Once I realised that it wasn’t whiskey’s fault and that I was culpable for my own actions, I went back on the golden sauce. I love a Tullamore Dew on the rocks when I’m off, and I have a few bottles of whiskey stored nearby my bed in case of emergency. I just love whiskey. It has been an on-off relationship but right now it is most definitely on.
I’m over Vodka. I’m over Jaegar. I’m over tequila. I’m definitely over Sambucca. I’m over rum and Captain Morgan’s and the like. I’m still very much in love with beers. I’ve drank em solid for the last eight years. I’ve drank all the other spirits for the same amount of time and the only one that I still have a place in my heart for is all the different types of whiskey.
So give me a Jack and Coke and a shot of Jamo on the side. Give me and Ultan two Tully Dews on the rocks there Charlie when you get a chance, please. I’ll try a scotch tonight sure, why not. Keep the Glenfidditch away from me, it costs an arm and a leg. One glass of Teachers, Midleton, what have you, won’t hurt. You’ll have your best nights, fights, dances and deep meaningful conversations on whiskey.

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In fact, legend has it that the Brazilian art of dance-fighting, Capoeira, was actually invented by a Corkman, Dessie Fitz, after he stumbled into a favela after a stag, drunk on Irish whiskey, and was stuck in limbo between a great dance and a great fight.

Thanks for having me, tip your bartenders, waitresses and your doormen! You’ve been fantastic!

Hallowe’en

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Happy Hallowe’en all! Good Morning/Afternoon/Evening, wherever ye may read this. Today is Halloween, a grand old Celtic tradition that made its way to North America in the wake of An Gorta Mor. It has other names too, such as All Hallow’s Eve, or All Saint’s Eve. This makes November 1st All Saint’s Day, a global celebration of the London girl group popular in the late 90s and early 00s, and also the long running Australian medical drama that aired in the early mornings and afternoons when I was in secondary school. Ah, great times. No, in all seriousness, All Saint’s Day is a feast of the rememberance of the saints. This makes Halloween the eve of the feast of saints and was a celebration of the dead, at least in Celtic culture.

The festival of Halloween came from the Irish Celtic festival ‘Samhain’, which means ‘summer’s end’, or ‘end of harvest’. Samhain brought about the darker half of the year, probably from mid October until mid April. The border between the human world and the spiritual world was very limited during these few days, meaning that the Aos Si, or faeries, were more active in our world. Old stories of the Aos Si would have been passed down from generation to generation, meaning people knew the powers they had. Offerings of food, drink and crops were left outside people’s houses so that their family would survive the winter.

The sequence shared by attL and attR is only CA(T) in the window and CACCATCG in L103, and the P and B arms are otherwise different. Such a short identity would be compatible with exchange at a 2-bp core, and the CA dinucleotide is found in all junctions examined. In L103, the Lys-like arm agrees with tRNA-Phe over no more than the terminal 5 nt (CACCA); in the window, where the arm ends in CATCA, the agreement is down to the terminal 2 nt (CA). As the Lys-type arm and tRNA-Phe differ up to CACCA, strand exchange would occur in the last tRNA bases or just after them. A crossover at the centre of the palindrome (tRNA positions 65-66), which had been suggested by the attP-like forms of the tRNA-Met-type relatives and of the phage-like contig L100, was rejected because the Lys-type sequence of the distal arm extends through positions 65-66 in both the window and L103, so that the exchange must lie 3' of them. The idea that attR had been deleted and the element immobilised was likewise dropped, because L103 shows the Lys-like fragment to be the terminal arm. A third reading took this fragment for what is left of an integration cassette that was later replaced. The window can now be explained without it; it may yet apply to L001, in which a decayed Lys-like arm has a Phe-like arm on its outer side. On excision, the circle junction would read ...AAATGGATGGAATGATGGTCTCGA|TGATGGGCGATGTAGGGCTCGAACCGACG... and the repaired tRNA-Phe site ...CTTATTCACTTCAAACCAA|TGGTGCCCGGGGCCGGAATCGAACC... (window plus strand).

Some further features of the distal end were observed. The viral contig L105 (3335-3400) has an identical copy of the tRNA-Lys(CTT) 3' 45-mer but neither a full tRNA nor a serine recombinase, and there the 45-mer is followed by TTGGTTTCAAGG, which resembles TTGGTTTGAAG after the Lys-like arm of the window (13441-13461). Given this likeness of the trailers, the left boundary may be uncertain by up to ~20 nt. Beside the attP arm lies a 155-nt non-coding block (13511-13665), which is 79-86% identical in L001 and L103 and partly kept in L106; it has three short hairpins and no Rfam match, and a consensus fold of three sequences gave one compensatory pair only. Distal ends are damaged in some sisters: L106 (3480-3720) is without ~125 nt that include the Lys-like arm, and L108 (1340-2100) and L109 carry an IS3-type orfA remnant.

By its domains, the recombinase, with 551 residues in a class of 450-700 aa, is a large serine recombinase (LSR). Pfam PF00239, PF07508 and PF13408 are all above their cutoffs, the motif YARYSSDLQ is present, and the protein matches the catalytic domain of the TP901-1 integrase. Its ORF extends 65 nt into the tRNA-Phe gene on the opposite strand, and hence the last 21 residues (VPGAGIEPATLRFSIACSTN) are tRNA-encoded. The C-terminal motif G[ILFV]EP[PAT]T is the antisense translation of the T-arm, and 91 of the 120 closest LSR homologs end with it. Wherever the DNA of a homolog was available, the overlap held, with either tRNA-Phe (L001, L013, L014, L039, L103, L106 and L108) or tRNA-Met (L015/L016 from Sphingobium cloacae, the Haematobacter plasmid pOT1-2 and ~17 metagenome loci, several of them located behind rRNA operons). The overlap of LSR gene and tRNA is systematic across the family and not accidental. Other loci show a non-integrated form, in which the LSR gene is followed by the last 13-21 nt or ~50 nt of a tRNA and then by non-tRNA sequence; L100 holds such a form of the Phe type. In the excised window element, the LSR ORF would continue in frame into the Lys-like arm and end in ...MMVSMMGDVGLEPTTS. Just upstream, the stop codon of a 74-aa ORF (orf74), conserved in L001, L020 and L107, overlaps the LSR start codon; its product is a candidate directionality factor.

From as early as the 16th century there are records of people dressing up, or ‘guising’, while going door to door and reciting verse for food. In the 18th century costumes and pranks began to appear in records in the U.K. In all likelihood these early guises were of the Aos Si, the faeries, and other mythical Celtic creatures. You wouldn’t find a sexy witch walking around the town reciting old poems for a bit of bread!
Halloween made its way to the land of the free in the wake of mass Irish and Scottish immigration in the 19th century. This emigration from Ireland was, of course as a result of the Famine. The Celtic tradition was introduced to the Americans and over the last 250 years has been made into a humongous commercial holiday in the States. The holiday is no longer solely about the celebration of the dead and the saints. It is now a combination of entertainment for kids, partying for adults and thrill seeking for horror fans.

I loved Halloween growing up. I loved the dressing up part of it and going trick or treating with my brothers and parents. It is magical as a child. Maybe not as magical as Christmas or your birthday, but it is a special day nonetheless. Going to the community hall in Rathpeacon to bob for apples and listen to scary stories was so much fun. Everyone was so proud of their costumes. Vampires, zombies and monsters would all be beaming up, the happiest group of undead you ever did see. If I remember correctly, a friend of mine dressed up as a mini Hitler one year for a competition in school. He looked the part. He did not win.
As we got older it obviously turned more social. Trick or treating with friends turned into a few naggins down the Gaa Woods or the tower road. Dressing up didn’t happen in the back fields as we tried to give ourselves alcohol poisoning.
A few years later during college we were all dressing up again. Alcohol was still a major factor, as it should be, which probably gave me the courage to dress up as a woman in first year in collge. God, I was pretty.

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I haven’t been able to do much the last few halloweens, working the night shift tonight and last year too. It doesn’t bother me that much as it saves me from a mahoosive hangover the next day but the fun of heading out with all your friends and everyone beaming when people compliment their costume is almost childlike. If it weren’t for the booze, cigarettes and riding going on all around us you could nearly be transported back to bobbing for apples and listening to scary stories with your mates.